In “Seymour: An Introduction,” meanwhile, this sense of identification—of Salinger himself being present in the prose—is even stronger. More than half the story consists of Buddy Glass clearing his throat, talking about himself, talking about writing, digressing, apologizing, anticipating the reader’s reservations, stopping, starting, and stopping again. This isn’t an accident; it isn’t “the mental acuity of Salinger … diminishing right in front of you,” as one of Salinger’s talking heads puts it. By the time Buddy begins to describe Seymour 67 pages in—his eyes, his ears, his nose, his clothes, his athleticism, or lack thereof—it begins to dawn on you that while the story is “supposed” to be a portrait of Seymour as elder brother and guru, it’s actually a self-portrait of the character who’s struggling to write Seymour back into existence: Buddy Glass himself. In this “Introduction,” Seymour never really materializes; it’s Buddy, as well as his old “alter-ego and collaborator,” to whom we’re being introduced.
“Seymour: An Introduction” enacts what is it. It performs the process of a writer writing. And so it’s still the closest we can get, I think, to understanding what Salinger was actually like—whatever the ads for Shane Salerno’s documentary might claim.
Given how grievously the critics of the early 1960s misunderstood Salinger’s new style—how far behind him they lagged, and how violently they lashed out—it isn’t hard to imagine why Salinger decided to disappear from print: he wanted to keep going in that direction and probably preferred not to have Norman Mailer second-guessing him along the way.
Up in Cornish, Salinger continued to hammer at his typewriter every day, and he filed his finished and unfinished manuscripts in a color-coded vault, according to eyewitnesses. In At Home in the World (1998), Salinger’s former girlfriend Joyce Maynard wrote that “he had compiled stacks of notes and notebooks concerning the habits and backgrounds of the Glasses—music they like, places they go, episodes in their history. Even the parts of their lives that he may not write about, he needs to know. He fills in the facts as diligently as a parent, keeping up to date with the scrapbooks.” One time Salinger told his friend Alastair Reed, the Scottish poet, “You know, the Glass family have been growing old just as you and I have.”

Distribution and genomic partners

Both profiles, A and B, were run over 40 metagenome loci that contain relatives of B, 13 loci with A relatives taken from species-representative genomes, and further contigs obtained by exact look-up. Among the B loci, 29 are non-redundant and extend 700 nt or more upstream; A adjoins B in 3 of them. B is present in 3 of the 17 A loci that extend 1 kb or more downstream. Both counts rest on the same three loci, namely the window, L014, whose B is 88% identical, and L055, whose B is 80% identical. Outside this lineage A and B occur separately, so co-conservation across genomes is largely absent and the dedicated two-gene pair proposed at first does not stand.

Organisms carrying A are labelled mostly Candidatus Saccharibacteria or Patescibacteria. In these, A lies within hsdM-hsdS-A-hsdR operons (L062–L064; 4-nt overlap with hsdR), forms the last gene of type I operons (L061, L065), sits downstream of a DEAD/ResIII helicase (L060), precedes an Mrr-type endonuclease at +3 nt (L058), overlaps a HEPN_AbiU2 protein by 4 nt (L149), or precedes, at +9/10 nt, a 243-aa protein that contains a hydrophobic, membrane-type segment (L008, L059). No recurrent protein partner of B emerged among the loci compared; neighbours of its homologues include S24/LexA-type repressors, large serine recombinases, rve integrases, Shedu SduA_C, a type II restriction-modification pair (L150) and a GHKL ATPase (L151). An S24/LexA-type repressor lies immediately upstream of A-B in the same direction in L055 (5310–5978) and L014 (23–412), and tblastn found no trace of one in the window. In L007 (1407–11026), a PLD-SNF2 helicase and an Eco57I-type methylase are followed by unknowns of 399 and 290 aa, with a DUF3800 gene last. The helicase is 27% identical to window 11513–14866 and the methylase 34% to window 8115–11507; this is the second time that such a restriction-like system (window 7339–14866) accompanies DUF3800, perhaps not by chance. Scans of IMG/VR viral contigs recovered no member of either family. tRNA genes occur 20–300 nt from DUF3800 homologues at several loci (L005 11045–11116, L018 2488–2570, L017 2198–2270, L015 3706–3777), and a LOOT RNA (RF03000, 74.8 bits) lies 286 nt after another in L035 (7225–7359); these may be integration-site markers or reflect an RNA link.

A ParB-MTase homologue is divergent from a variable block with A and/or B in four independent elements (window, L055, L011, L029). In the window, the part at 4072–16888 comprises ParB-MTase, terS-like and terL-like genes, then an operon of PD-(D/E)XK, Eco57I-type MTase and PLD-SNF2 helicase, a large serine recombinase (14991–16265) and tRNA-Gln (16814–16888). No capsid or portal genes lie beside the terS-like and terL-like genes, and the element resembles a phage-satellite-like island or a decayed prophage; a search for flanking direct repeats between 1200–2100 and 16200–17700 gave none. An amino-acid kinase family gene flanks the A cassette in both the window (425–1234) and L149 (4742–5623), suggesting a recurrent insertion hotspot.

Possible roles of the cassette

Likewise, it’s no surprise that Salinger intended to release his later work posthumously, as Salerno and Shields report. Buddy says as much in “Seymour”: “What is it I want (italics all mine) from a physical description of [Seymour]? … I want it to get to the magazine … I want to publish it … I always want to publish.”
The only surprise, I suppose, would be if the new Glass stories don’t turn out to be even more untidy and undetached and intimate, when they finally emerge from the vault, than the ones that preceded them in print.
So if you are tempted to see the Salinger documentary or read the Salinger book—if you feel that zing—by all means, go ahead. But don’t be fooled into thinking that you’re glimpsing the real J.D. Salinger up on that screen, or uncovering him in those loosey-goosey pages. My guess is that Salinger spent his last 45 years squirreling away something much richer and more revealing up in New Hampshire, and that we will discover far more of him in the continuing Glass chronicles, however “good” they may or may not be, than in any account of his Gestapo marriage, his single testicle, his poor poker face, and so on, God have mercy on the lonely bastard.